This paper aims to propose to politicize partner choice as a discourse that rationalizes, legitimizes and justifies the choice of partners by underlining economic, cultural and institutional differences to (re)create power relations. By reconceptualizing partner choice as a discourse, the paper challenges the established view of partner choice according to international business and management studies as a rational and strategic behavior based on resource complementarity, best practices and win–win situations.
Based on the longitudinal study of Israeli–Korean business collaboration, which includes in-depth interviews, observations and media texts, this paper uses critical discourse analysis (CDA) to demystify partner choice as neither a neutral nor an objective behavior to unveil its discursive construction and embeddedness in power relations.
The actors on both sides of the Israeli–Korean business collaboration evoke resource complementary discourse between “Israeli innovation” and “Korean productivity” to rationalize their partner choice as a win–win situation. CDA demonstrates how both sides are engaged in a “borrowing” process from east-to-west and head-to-hands postcolonial images to (re)produce hierarchy between the parties. While east–west mapping remained almost unchallengeable, the reversal, crossing and blurring of the Israel-to-Korea knowledge transfer direction provides a counter-narrative to resource complementarity discourse.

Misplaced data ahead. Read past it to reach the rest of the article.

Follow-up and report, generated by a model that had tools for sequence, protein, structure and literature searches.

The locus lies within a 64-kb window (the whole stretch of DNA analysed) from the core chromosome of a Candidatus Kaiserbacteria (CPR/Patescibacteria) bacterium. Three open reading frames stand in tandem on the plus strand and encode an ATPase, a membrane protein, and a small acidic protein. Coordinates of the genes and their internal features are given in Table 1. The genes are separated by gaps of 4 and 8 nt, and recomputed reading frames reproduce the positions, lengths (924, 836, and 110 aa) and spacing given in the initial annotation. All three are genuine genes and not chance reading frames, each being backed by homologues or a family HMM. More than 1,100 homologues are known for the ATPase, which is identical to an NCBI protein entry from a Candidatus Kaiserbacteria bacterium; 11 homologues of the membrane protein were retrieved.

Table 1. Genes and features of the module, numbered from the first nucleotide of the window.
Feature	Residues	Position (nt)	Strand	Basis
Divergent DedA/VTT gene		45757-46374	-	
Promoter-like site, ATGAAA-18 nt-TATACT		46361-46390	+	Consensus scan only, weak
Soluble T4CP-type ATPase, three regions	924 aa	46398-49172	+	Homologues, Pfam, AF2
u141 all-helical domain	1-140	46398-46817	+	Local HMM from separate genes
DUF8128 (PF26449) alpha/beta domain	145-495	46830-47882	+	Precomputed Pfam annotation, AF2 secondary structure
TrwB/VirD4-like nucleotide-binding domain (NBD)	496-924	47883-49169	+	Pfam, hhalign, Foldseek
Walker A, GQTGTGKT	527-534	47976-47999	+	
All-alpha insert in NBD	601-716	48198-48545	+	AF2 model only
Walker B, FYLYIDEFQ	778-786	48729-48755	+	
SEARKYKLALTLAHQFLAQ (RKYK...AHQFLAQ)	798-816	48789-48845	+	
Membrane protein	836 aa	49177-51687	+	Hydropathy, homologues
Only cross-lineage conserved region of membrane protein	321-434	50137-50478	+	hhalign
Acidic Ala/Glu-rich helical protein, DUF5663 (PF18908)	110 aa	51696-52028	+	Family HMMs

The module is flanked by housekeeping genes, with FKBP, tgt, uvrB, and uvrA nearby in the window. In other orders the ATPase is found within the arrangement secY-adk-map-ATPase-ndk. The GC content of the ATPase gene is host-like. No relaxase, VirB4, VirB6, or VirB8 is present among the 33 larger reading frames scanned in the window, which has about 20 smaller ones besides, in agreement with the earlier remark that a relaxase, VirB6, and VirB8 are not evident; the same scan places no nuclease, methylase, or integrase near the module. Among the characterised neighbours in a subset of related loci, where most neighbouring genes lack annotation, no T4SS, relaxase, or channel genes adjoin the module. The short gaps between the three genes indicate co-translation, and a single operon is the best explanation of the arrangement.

The resource complementarity discourse supported by east–west mapping and “head–hands” justifications for partner choice reveals the lingering presence of postcolonial images, imagery and imagination. By taking two nations without substantial troubled memories, histories and relations, the paper broadens the picture beyond national contexts, emphasizing the importance of borrowing and translation from postcolonial vocabulary to non-colonial situations.
The research for this paper has been generously supported by the Louis Frieberg Center for East-Asian Studies, the Truman Institute for the Advancement of Peace and the Faculty of Social Sciences at the Hebrew University and St. Antony’s College Committee at Tel Aviv University. I am grateful to Michal Frenkel, Gili S. Drori, Mike Geppert, two anonymous reviewers and to the conveners and participants of working group “The MNE and Developing Economies: Entering Markets and Managing Organizations” of the European Group for Organizational Studies (EGOS) in Athens (2015) for their valuable comments.
Lyan, I. (2021), "“Start-up Nation” vs “the Republic of Samsung”: power and politics in the partner choice discourse in Israeli–Korean business collaboration", critical perspectives on international business, Vol. ahead-of-print No. ahead-of-print. https://doi.org/10.1108/cpoib-09-2019-0073
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